Development of a simulation algorithm of the surface optical effects on glass plates
Development of a simulation algorithm of the surface optical effects on glass plates


Thomas Grosges
Laboratoire d'Optique appliquée
Université Catholique de Louvain
Chemin du cyclotron , 2
B-1348 Louvain-La-Neuve
Belgium




Abstract




Due to the new exigences of the motor industries for the windshields, in term of the used glass optic qualities, the windshield manufacturers are confronted to new problems and challenges. Indeed, the misreading of the played role by the glass defects, in term of reflection and transmission of the light, and their origins become crucial problems. These optical perturbations, in term of defaults, can be classified in two types. The first one includes the optical effects due to the internal glass defects (or mass effects) and the second one includes the surface effects. The physical reality is a subtel mixing of these two optical manifestation types.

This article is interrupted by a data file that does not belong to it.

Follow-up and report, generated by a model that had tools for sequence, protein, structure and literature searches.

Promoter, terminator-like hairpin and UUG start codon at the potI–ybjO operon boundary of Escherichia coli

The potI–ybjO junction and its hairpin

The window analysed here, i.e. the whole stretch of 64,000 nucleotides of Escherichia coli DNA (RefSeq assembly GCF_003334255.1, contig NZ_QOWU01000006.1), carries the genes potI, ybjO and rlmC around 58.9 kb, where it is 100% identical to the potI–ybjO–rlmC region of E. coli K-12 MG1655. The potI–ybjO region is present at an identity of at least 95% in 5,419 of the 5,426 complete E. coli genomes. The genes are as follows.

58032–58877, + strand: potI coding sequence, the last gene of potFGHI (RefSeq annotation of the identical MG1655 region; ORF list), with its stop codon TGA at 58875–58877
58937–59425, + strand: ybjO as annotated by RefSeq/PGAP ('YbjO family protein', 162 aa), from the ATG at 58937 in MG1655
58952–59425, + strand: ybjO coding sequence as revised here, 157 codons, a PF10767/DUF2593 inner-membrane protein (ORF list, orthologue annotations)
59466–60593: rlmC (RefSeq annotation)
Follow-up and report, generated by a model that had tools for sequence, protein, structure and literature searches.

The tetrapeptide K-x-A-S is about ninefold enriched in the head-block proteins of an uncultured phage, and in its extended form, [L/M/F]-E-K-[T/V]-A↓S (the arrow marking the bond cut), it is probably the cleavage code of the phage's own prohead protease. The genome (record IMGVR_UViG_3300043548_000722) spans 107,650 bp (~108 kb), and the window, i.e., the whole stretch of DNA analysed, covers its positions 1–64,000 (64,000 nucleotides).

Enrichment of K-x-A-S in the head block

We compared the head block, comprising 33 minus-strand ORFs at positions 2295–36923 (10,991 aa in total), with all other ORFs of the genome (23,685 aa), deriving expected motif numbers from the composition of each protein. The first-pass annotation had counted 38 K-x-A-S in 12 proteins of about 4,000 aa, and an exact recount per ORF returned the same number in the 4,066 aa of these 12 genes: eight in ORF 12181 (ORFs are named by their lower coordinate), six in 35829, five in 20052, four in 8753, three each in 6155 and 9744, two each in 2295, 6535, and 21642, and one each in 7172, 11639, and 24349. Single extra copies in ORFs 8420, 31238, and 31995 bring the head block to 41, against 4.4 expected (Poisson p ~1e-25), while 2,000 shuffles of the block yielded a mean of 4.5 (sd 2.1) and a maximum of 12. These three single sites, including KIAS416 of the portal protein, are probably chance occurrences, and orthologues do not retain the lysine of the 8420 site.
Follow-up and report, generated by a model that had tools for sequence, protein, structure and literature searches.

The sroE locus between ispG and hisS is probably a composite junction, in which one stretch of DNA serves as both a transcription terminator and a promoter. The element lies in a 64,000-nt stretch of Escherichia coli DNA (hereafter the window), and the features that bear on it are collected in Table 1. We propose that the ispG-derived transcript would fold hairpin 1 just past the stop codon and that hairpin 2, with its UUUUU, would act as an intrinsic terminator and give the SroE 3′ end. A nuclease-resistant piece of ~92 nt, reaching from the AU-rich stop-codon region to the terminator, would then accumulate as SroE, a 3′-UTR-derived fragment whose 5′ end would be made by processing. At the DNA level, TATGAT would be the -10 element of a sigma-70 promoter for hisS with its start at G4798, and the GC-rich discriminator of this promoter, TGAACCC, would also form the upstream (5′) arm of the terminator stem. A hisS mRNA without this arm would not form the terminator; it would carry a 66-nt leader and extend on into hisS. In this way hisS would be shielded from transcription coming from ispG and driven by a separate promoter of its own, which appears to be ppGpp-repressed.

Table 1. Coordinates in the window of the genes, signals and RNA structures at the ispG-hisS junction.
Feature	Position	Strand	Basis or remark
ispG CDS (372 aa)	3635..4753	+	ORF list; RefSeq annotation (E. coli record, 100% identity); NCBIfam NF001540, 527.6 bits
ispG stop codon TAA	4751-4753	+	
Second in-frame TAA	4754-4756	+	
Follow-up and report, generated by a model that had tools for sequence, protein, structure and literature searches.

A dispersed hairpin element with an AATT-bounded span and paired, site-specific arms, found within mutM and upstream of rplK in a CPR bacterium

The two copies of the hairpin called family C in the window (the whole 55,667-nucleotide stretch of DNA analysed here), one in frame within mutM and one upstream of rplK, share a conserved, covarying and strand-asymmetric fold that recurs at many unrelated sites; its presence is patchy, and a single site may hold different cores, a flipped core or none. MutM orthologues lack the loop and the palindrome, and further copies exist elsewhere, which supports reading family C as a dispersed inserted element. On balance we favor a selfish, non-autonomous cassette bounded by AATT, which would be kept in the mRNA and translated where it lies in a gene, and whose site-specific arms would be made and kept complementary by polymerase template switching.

These present research project must be seen as a starting point to the comprehension of the optical deviation phenomenons.

In the first part of the work, we consider a glass plate composed by a superposition of various refractive index layers, and we simulate the optical response of this theoric glass plate, including surface effects. We considere also sinusoidal or cosinusoidal perturbations of the surfaces of these different layers. For solve this problem, we use a geometrical optic model, including multiple orders of internal reflections and refractions reliated by Fresnel coefficients, and we study the response due to the surface effects.

In the second part, we start from a real industrial glass plate and we solve the inverse problem to the part one. When we illuminate the glass plate, the optical response and the optical deviations permit to reconstruct numerically the global surfaces of this glass plate (including variations of the local refractive index). In the same way, if we repeat the mesures on the polished glass plate, we can separate the optical deviations of the surface effects from these of the mass effects.







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